A review by the Hansard Society has pointed out that Westminster may be ignoring lessons from Edinburgh and Cardiff as it implements a new ePetitions system.
The report, Digital Paper, Digital Democracy in Scotland and Wales: Lagging or Leading?, looked at aspects of the websites of the devolved administrations in Scotland and Wales.
"Whilst a lot of research on digital democracy in the UK focuses on the goings on around the Westminster Parliament and central government in Whitehall, in some cases Scotland and Wales are ahead of the pack."
It said ePetitions have perhaps been "the most constructive digital tool in both the Scottish and Welsh legislatures".
In contrast, the government's proposals for ePetitions in Westminster would focus attention only on those with large numbers of signatures.
The proposal is that any petition that secures 100,000 signatures will be eligible for debate in Parliament, and the petition with the most signatures can be introduced as legislation.
"The ePetitioning processes in both Scotland and Wales are well designed and have a clear, open set of procedures in place for dealing with each petition submitted. This is in contrast with the recently closed Number 10 petitioning site where there was no obligation to take any notice of anything submitted.
"The most important thing for both the Scottish and Welsh ePetitioning processes is that they focus on the merits of each individual petition as opposed to just petitions based on the number of signatures collected.
"This allows petitions with a few hundred or a few thousand signatures, which might have important and serious consequences for those involved to be given a fair level of consideration."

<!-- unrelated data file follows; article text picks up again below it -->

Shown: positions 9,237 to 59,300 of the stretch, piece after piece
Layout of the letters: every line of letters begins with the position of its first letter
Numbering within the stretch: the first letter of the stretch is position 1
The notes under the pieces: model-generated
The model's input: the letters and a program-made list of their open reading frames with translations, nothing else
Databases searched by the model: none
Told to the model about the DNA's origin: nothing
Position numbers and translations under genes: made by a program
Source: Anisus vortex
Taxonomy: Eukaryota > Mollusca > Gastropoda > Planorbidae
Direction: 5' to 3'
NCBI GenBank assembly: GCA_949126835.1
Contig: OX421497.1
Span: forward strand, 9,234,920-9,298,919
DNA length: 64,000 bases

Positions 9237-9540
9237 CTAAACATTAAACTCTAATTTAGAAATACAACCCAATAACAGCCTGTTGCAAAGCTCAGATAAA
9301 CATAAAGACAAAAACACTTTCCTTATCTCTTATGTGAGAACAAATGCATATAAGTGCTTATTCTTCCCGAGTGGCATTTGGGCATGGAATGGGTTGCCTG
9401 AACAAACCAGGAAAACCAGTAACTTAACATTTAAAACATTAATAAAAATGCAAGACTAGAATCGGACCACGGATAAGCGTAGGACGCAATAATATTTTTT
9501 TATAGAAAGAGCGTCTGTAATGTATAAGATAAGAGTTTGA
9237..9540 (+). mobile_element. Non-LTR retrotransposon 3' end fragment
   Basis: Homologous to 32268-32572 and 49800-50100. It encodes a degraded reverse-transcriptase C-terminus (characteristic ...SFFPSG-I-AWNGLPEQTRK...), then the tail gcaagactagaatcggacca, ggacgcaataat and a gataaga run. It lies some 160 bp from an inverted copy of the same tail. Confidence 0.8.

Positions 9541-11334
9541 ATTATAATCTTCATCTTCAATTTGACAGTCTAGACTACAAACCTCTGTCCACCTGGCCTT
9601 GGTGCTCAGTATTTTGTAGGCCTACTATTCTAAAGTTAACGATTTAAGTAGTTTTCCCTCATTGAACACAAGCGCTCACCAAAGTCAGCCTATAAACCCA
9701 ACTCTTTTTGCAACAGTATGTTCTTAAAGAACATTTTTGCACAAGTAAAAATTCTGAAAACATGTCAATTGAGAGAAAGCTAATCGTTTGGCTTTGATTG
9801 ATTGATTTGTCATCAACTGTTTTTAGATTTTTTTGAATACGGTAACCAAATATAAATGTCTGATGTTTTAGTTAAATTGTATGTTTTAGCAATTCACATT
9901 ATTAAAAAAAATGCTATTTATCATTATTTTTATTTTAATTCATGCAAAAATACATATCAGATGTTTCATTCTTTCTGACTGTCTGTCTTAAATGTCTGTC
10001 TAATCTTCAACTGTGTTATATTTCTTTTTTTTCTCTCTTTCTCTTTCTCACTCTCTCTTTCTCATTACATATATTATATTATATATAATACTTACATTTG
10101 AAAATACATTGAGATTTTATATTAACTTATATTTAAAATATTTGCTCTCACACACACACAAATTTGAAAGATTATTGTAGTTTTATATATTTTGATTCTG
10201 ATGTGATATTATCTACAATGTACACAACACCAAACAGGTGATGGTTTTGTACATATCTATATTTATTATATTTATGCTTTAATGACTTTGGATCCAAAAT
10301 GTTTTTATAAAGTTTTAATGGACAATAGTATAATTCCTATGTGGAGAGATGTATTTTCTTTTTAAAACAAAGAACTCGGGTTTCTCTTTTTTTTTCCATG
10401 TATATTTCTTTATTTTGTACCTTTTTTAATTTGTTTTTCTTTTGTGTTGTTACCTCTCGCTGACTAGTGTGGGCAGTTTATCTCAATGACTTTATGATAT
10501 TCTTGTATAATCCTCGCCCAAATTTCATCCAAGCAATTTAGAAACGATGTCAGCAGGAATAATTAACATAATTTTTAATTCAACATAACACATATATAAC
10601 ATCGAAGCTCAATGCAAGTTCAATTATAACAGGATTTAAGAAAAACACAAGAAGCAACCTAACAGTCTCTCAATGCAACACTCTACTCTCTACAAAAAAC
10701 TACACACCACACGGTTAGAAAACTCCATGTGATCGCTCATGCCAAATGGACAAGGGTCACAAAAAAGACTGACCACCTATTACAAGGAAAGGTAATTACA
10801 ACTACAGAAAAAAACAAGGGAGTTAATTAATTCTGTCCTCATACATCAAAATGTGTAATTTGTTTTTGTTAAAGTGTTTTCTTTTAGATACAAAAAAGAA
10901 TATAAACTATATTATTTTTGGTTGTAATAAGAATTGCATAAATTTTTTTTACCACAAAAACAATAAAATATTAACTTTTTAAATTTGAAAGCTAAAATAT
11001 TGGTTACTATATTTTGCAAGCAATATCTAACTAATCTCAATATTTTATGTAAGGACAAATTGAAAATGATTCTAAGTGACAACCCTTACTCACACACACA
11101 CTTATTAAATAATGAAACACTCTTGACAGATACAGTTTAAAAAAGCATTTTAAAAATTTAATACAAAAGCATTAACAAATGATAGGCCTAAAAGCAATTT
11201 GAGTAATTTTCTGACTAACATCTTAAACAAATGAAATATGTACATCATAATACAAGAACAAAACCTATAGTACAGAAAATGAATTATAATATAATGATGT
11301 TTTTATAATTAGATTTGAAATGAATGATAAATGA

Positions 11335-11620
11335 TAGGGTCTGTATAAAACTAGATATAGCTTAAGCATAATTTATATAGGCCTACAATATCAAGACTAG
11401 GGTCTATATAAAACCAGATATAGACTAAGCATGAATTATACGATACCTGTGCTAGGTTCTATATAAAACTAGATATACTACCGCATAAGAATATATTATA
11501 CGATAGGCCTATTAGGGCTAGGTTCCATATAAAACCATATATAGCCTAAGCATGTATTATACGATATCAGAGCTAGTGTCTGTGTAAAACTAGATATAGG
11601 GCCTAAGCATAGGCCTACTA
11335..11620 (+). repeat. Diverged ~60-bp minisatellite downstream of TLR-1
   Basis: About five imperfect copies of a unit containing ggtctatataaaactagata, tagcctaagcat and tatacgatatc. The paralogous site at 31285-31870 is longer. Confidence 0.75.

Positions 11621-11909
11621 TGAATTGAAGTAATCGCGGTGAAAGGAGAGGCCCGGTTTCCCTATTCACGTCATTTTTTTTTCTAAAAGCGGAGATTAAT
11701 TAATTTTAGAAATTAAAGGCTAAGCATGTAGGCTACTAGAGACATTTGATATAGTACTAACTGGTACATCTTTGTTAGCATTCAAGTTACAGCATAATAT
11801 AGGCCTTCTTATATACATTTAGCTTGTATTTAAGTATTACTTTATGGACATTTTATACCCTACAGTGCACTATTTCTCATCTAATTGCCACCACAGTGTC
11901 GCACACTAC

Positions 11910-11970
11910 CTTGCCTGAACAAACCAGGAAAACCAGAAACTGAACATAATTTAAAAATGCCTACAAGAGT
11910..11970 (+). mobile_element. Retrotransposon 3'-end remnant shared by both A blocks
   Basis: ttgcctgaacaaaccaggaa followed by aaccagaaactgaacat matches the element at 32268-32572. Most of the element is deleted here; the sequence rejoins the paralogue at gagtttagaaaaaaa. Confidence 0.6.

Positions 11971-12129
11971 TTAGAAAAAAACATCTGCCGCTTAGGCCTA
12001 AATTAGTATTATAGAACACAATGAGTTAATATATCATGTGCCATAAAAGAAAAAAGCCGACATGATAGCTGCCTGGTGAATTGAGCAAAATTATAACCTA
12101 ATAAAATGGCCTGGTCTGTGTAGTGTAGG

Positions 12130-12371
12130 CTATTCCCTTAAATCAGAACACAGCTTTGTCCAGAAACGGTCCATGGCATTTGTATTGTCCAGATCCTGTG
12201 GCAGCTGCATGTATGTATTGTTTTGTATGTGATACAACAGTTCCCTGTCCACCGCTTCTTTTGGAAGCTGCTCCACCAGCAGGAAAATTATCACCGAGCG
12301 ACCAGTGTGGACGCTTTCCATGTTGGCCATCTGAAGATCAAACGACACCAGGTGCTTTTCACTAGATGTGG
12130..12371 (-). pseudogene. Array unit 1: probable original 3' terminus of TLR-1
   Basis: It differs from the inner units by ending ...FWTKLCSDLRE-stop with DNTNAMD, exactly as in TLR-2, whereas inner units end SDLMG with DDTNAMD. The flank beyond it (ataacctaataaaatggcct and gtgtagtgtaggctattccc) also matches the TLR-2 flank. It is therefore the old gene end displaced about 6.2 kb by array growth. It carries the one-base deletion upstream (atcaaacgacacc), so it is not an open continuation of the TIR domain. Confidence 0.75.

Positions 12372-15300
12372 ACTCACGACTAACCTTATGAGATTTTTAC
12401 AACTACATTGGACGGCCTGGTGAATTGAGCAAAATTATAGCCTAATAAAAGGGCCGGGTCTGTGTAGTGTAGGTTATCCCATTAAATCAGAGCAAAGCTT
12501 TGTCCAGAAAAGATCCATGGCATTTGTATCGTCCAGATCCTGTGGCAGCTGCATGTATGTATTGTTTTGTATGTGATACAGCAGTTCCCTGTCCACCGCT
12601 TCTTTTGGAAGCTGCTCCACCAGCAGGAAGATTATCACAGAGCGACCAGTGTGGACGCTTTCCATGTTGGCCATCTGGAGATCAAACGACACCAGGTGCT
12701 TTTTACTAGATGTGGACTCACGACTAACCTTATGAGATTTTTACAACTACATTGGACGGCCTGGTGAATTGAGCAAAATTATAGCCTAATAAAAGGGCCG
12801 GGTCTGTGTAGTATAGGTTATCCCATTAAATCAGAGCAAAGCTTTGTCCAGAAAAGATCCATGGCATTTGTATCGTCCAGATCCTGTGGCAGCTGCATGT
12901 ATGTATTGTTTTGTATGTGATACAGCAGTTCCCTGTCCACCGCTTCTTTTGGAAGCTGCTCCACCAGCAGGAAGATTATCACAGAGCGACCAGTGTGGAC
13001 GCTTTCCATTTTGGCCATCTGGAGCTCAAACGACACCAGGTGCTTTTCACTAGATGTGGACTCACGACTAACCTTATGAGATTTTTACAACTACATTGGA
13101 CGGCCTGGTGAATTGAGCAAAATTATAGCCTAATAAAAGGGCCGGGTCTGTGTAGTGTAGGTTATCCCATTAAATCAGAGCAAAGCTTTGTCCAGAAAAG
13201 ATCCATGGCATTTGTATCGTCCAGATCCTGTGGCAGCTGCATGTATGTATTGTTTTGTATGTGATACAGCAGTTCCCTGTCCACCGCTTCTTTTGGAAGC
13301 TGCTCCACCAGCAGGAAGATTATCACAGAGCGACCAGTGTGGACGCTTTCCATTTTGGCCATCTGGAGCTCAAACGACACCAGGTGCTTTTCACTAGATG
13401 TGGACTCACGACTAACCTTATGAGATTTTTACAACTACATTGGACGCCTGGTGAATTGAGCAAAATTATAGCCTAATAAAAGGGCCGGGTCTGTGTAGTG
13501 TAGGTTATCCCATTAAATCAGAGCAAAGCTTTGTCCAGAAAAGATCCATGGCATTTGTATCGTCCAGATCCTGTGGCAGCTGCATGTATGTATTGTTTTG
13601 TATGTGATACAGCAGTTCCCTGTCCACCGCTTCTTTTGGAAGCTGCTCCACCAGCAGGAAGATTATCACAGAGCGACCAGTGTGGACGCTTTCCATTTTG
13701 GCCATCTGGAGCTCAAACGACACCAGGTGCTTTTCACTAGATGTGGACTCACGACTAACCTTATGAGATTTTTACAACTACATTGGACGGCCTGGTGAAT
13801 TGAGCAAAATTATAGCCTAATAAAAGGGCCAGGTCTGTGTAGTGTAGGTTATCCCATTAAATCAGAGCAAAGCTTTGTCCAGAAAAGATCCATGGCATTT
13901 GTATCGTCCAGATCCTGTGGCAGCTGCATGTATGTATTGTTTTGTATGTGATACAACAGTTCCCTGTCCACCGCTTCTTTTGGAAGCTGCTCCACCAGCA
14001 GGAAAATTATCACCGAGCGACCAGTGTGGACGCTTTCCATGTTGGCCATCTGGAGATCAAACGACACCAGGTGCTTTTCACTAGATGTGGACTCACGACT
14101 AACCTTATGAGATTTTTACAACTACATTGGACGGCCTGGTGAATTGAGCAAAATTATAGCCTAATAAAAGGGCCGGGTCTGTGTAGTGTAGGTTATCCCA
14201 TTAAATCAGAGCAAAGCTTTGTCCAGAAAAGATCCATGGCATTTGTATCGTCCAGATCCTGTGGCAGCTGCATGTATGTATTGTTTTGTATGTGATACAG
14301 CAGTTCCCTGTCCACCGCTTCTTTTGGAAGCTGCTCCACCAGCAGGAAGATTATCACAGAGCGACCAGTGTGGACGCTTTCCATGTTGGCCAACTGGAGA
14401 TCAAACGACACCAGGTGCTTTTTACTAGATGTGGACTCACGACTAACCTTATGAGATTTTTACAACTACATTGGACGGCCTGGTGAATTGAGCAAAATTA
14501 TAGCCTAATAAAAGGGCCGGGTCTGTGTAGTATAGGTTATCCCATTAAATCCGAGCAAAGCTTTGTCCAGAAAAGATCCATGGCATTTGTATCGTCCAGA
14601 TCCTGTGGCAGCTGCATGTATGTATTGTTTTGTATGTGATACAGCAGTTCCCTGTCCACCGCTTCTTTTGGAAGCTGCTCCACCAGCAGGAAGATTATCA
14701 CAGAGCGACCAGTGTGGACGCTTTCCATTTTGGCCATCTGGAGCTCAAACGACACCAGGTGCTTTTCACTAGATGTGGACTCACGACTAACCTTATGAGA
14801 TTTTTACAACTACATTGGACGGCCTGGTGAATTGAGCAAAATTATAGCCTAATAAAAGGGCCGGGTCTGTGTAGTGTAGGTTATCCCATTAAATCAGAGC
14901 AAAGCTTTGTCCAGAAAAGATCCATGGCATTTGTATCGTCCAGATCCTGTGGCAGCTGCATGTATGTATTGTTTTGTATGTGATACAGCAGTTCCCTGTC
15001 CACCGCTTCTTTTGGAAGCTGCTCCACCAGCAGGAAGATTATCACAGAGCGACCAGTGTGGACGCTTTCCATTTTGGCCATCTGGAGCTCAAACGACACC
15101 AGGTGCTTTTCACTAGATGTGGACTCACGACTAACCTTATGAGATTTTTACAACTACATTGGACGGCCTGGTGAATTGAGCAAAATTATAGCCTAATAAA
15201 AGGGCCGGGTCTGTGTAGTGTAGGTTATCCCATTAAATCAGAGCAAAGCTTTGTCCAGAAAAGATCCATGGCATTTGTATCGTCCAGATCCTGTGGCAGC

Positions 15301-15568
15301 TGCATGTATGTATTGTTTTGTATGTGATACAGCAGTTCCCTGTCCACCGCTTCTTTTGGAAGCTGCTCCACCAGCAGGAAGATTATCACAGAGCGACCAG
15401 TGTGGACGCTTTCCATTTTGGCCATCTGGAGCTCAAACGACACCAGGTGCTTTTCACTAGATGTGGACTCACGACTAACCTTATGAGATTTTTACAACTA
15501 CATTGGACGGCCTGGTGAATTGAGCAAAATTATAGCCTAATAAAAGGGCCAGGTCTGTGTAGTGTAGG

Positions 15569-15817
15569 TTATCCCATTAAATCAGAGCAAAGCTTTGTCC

This is a conclusion I totally agree with, and have written about these issues previously.
But ePetitions are something of a highlight on the Scottish Parliament and Welsh Assembly websites because neither "seems to offer much more than information on how their respective legislatures work, current business and records of bills and proceedings".
The Welsh Assembly has opened up some public consultations to comments through online forums but "there is no precedent or formal procedure for constructive action to be taken".
"These forums have very few posts which is to be expected as people are more likely to have discussions about issues that are important to them in online spaces that they already frequent (such as Facebook or Twitter)."
Interestingly, the National Assembly also provides online multimedia packages of news and information for the media which are used largely by regional or hyperlocal media.
"Setting itself up to be the most reliable and convenient source, perhaps even the primary definer of regional Welsh news, the Assembly is able to positively communicate to the public what it does in a context relevant to them."
And the Scottish government website has plans in place "to introduce greater levels of dialogue between representatives and the public".
"The Digital Engagement Team is tasked with creating a social media strategy for the Scottish government and developing digital engagement projects in future. The first two outputs from the team are Engage for Education and Housing Policy Discussion."
More to do
The review concludes that, as in London, "digital democracy in both Scotland and Wales is far from perfect".
"It is clear that more work needs to be done to bring about more two-way dialogue between the public and their elected representatives, and to increase levels of digital inclusion (especially in Scotland)."
While progress has been made, "at this stage their offerings are not particularly compelling or, for that matter, widely in use".
The report says that "authorities in Scotland and Wales, along with those in Westminster, will need to continue to come up with new ways for the public to interact with them online in order to reach people in ways that are relevant to them".